“They paid fines but no one admitted their guilt. None of them were prosecuted like what the Feds did to Arthur Andersen in the Enron case. The government put the firm out of business,” he says.

Even so, Krakoff thinks the investigations are necessary because capital markets are increasingly favouring wealthy investors and there’s a sense that the game is run to the benefit of insiders. “These prosecutions would restore public trust in capital markets,” he says.

Some believe part of the problem lies in huge rewards.

“What I fear is that individuals will continue to get tempted by the big profits—the rewards we saw in the Galleon case are enormous,” says James D Cox, professor of law at Duke University.

He points to the fact that although human behaviour is not easy to change, prosecutions will put the brakes on wrongdoings. “Studies have shown that somewhere between 40 percent and 60 percent of price movement occurs before the public announcement of an event—such as unexpected earnings. What this indicates is that people don’t do a very good job in preserving company secrets. The SEC and Department of Justice are wisely increasing their prosecutions to create greater public awareness that this is not tolerated,” he says. “Individuals like Gupta and other board members must realise that they owe a duty to the corporation not to disclose non-public information. Extracting secrets from the corporate mechanism and trading on it is just like stealing; we have to prosecute such people.”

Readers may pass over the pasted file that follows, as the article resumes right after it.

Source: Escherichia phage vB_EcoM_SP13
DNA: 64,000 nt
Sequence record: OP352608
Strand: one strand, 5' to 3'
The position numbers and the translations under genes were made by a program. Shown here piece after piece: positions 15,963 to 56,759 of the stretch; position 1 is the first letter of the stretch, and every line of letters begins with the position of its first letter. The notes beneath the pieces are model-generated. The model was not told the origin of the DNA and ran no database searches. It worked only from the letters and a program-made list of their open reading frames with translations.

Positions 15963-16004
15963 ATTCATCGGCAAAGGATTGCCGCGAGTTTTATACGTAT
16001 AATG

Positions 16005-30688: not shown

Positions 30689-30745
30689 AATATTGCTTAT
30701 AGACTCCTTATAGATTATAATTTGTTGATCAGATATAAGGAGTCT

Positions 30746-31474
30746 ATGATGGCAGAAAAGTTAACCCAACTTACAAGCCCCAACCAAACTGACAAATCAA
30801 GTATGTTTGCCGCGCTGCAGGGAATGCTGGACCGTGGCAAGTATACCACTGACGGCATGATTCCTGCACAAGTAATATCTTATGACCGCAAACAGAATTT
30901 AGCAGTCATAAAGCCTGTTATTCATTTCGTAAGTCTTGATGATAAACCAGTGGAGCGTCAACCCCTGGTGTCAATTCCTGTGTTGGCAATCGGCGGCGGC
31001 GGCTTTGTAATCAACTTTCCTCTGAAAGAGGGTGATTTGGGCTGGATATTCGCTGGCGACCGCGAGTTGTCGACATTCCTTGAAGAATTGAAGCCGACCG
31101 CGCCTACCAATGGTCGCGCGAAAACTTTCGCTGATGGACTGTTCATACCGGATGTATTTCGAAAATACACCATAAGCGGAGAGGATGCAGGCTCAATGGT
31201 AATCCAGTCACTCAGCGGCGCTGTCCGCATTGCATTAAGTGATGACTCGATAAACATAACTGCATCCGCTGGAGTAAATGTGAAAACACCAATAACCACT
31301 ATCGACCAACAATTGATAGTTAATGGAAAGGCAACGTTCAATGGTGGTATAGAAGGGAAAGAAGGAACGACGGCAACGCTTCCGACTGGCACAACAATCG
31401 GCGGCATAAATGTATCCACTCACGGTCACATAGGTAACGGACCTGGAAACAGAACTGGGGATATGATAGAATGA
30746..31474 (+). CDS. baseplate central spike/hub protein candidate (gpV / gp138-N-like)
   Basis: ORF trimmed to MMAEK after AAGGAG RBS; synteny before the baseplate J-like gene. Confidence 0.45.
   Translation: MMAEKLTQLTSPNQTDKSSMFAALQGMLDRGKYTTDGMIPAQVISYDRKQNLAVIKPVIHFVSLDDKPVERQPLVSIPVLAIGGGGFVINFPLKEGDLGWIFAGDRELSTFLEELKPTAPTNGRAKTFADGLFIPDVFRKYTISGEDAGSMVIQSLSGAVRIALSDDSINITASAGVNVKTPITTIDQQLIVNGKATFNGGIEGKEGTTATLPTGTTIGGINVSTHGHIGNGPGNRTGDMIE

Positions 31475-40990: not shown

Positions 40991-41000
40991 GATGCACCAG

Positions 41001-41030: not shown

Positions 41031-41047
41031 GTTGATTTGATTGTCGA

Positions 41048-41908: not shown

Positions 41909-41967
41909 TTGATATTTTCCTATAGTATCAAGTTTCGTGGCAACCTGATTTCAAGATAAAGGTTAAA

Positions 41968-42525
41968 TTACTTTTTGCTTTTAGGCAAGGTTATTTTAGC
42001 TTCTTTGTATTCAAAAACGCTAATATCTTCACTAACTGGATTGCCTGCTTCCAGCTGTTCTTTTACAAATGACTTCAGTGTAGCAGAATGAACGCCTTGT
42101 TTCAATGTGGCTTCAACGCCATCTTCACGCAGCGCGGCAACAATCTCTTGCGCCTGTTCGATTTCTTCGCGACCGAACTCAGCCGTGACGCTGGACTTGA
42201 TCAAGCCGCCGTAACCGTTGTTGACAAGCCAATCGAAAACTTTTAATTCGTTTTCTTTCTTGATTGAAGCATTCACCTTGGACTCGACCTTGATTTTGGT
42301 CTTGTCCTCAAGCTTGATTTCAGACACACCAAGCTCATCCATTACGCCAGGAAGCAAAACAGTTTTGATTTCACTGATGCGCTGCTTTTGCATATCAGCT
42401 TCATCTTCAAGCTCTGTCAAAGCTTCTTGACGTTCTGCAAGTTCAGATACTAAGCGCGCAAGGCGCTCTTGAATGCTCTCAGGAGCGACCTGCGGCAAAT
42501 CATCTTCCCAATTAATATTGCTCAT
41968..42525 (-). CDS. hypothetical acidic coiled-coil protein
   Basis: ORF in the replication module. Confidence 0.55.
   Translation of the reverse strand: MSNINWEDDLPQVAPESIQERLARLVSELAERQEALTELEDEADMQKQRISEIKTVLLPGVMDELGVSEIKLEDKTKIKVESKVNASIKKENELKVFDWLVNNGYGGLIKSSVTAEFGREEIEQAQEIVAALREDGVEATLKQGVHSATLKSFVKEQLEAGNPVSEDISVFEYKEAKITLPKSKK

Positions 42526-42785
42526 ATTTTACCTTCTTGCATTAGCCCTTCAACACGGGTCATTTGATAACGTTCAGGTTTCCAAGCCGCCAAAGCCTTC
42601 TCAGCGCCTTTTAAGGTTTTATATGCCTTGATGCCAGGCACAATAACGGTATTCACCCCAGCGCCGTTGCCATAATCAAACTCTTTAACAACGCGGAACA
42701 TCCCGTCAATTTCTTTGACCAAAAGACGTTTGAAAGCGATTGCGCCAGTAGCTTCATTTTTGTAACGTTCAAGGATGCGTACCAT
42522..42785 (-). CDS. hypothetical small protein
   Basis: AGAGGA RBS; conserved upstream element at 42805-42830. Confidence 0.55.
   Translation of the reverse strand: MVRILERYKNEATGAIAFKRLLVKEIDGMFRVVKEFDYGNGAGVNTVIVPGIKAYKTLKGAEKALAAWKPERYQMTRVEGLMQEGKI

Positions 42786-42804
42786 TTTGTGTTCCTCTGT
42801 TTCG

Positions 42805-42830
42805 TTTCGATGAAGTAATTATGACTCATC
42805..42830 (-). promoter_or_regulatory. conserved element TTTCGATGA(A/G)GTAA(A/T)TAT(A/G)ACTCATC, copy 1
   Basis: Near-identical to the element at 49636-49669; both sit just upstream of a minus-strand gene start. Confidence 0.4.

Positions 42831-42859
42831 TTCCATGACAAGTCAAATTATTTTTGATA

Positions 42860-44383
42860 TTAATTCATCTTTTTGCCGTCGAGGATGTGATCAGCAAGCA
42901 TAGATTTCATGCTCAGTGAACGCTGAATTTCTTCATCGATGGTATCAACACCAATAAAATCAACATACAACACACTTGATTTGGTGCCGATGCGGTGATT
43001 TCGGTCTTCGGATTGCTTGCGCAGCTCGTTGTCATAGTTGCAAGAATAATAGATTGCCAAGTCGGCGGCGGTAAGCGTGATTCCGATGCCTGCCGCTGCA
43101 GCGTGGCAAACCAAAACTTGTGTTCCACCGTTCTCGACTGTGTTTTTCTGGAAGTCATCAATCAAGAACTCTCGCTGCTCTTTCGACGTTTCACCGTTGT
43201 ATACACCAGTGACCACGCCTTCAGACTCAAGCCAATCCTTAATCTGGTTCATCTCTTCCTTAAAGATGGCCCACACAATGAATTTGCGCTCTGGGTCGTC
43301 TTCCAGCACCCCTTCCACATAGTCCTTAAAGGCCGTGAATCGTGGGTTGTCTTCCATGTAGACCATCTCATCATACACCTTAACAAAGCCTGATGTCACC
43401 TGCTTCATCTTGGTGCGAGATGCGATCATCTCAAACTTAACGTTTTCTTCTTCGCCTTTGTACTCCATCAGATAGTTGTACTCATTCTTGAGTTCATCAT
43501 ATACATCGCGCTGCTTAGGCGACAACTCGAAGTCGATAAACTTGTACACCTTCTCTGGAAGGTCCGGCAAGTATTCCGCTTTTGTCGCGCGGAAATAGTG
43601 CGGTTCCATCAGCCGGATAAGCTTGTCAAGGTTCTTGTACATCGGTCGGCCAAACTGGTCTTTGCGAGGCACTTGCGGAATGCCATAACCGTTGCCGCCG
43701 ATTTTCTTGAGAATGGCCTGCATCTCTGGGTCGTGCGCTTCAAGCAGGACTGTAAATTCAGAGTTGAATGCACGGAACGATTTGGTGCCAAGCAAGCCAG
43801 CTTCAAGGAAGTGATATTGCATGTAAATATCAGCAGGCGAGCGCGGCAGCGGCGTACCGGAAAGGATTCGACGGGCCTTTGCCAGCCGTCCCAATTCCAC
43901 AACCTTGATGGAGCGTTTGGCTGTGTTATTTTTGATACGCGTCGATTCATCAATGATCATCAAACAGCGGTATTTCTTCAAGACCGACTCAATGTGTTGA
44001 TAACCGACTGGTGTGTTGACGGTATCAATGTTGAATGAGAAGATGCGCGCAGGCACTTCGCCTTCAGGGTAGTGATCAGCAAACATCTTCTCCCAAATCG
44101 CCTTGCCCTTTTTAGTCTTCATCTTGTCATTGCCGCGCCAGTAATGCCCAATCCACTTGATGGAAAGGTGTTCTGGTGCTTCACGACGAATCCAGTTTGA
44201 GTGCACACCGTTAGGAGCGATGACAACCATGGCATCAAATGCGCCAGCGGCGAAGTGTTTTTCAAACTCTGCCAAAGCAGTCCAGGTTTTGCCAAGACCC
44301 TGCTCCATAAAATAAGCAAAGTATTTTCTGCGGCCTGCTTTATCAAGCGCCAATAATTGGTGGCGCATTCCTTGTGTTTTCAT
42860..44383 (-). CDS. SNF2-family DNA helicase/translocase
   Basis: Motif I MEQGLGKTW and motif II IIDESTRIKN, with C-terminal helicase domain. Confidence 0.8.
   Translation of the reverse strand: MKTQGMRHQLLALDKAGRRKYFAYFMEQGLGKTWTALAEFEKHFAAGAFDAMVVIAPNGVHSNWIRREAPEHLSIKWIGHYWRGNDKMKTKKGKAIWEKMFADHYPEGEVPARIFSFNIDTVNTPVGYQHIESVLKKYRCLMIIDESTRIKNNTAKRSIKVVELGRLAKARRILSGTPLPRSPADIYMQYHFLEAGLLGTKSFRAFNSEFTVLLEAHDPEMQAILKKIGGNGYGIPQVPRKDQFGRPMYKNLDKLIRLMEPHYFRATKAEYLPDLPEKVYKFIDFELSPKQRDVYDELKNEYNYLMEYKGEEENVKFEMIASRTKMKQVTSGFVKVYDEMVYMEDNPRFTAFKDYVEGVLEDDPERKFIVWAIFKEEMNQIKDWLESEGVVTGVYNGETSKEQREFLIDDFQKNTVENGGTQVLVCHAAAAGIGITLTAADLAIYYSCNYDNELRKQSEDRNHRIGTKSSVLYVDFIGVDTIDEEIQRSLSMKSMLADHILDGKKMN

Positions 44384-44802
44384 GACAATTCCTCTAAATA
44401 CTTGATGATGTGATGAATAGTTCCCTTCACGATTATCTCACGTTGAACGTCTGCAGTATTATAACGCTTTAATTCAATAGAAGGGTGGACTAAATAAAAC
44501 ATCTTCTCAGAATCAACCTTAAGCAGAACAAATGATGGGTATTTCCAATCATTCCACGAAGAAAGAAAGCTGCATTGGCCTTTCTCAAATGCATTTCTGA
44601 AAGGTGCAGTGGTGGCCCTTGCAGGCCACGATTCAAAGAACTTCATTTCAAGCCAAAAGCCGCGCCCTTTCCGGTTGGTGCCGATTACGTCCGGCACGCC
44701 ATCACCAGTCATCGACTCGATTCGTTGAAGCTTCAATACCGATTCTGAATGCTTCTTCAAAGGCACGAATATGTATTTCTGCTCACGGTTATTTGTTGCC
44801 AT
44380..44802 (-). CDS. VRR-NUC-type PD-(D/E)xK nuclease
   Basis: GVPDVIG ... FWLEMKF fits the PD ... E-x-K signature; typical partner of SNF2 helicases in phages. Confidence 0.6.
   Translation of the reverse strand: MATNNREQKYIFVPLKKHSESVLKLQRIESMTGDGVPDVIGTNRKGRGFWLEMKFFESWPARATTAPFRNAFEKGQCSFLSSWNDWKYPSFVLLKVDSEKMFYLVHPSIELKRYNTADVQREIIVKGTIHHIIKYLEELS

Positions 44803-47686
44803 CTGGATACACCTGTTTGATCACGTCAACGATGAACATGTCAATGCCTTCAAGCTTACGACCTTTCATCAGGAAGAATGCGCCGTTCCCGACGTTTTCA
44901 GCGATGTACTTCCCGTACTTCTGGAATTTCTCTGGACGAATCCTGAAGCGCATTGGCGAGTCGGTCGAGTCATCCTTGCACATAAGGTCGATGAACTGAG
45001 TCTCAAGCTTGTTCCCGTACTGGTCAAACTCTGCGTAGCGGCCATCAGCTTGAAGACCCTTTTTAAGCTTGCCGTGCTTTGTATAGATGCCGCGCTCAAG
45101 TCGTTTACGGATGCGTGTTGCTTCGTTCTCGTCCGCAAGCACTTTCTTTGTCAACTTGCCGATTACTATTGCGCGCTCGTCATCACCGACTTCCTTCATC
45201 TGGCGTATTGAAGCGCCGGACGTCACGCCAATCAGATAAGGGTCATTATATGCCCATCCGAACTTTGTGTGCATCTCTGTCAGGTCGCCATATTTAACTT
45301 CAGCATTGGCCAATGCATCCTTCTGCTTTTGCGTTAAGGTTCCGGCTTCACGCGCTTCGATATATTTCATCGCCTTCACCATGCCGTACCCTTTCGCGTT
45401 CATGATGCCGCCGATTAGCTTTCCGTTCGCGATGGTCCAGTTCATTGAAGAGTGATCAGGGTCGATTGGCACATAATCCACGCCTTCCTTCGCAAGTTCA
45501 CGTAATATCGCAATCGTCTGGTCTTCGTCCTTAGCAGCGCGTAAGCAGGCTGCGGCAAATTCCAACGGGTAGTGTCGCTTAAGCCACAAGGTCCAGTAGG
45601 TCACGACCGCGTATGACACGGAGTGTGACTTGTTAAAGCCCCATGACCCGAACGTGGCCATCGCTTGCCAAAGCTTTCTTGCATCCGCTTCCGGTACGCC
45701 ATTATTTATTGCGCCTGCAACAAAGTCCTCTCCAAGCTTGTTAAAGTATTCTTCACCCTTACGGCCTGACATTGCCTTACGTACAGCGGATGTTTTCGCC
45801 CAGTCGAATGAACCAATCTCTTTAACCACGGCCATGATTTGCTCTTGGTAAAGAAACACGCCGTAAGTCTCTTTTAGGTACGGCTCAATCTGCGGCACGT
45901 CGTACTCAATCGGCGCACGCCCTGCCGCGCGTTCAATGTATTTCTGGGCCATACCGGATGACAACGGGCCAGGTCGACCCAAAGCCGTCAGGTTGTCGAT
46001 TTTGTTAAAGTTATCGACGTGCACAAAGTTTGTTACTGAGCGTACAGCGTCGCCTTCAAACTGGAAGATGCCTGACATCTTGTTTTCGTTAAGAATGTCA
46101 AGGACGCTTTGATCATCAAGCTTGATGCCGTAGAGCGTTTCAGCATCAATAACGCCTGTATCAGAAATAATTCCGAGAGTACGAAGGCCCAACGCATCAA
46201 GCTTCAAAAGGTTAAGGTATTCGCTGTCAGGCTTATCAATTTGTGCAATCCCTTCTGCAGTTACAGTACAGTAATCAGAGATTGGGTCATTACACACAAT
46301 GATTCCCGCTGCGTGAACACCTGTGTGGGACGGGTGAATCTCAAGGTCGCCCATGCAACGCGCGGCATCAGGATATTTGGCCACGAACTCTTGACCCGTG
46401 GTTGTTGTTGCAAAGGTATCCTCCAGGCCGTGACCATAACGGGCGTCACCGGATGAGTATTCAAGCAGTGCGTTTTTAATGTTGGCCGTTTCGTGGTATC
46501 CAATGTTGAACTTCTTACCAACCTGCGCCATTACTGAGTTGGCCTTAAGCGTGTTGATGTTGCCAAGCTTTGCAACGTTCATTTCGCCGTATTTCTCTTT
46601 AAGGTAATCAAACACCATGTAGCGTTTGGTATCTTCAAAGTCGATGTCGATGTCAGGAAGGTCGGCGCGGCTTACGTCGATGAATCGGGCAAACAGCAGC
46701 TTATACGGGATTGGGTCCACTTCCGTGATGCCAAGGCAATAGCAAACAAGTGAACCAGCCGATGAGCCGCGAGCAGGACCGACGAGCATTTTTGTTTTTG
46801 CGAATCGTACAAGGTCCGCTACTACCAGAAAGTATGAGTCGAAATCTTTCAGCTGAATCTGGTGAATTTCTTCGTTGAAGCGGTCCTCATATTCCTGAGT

Raj Rajaratnam of the Galleon Group
Image: Lucas Jackson/ Reuters
Raj Rajaratnam of the Galleon Group

But there’s a downside to the crackdowns.

“We don’t want to have information flows to the board be compromised by any fear that outside directors like Gupta would trade on that information and jeopardise the corporation’s interests,” Cox points out. That’s at the heart of concerns surrounding the so called “expert networks.”

In Gupta’s case, he was a director on the boards of top-listed corporations on Wall Street and an advisor-cum-investor at Galleon Group, one of the biggest hedge funds whose head Raj Rajaratnam was convicted for insider trading last year.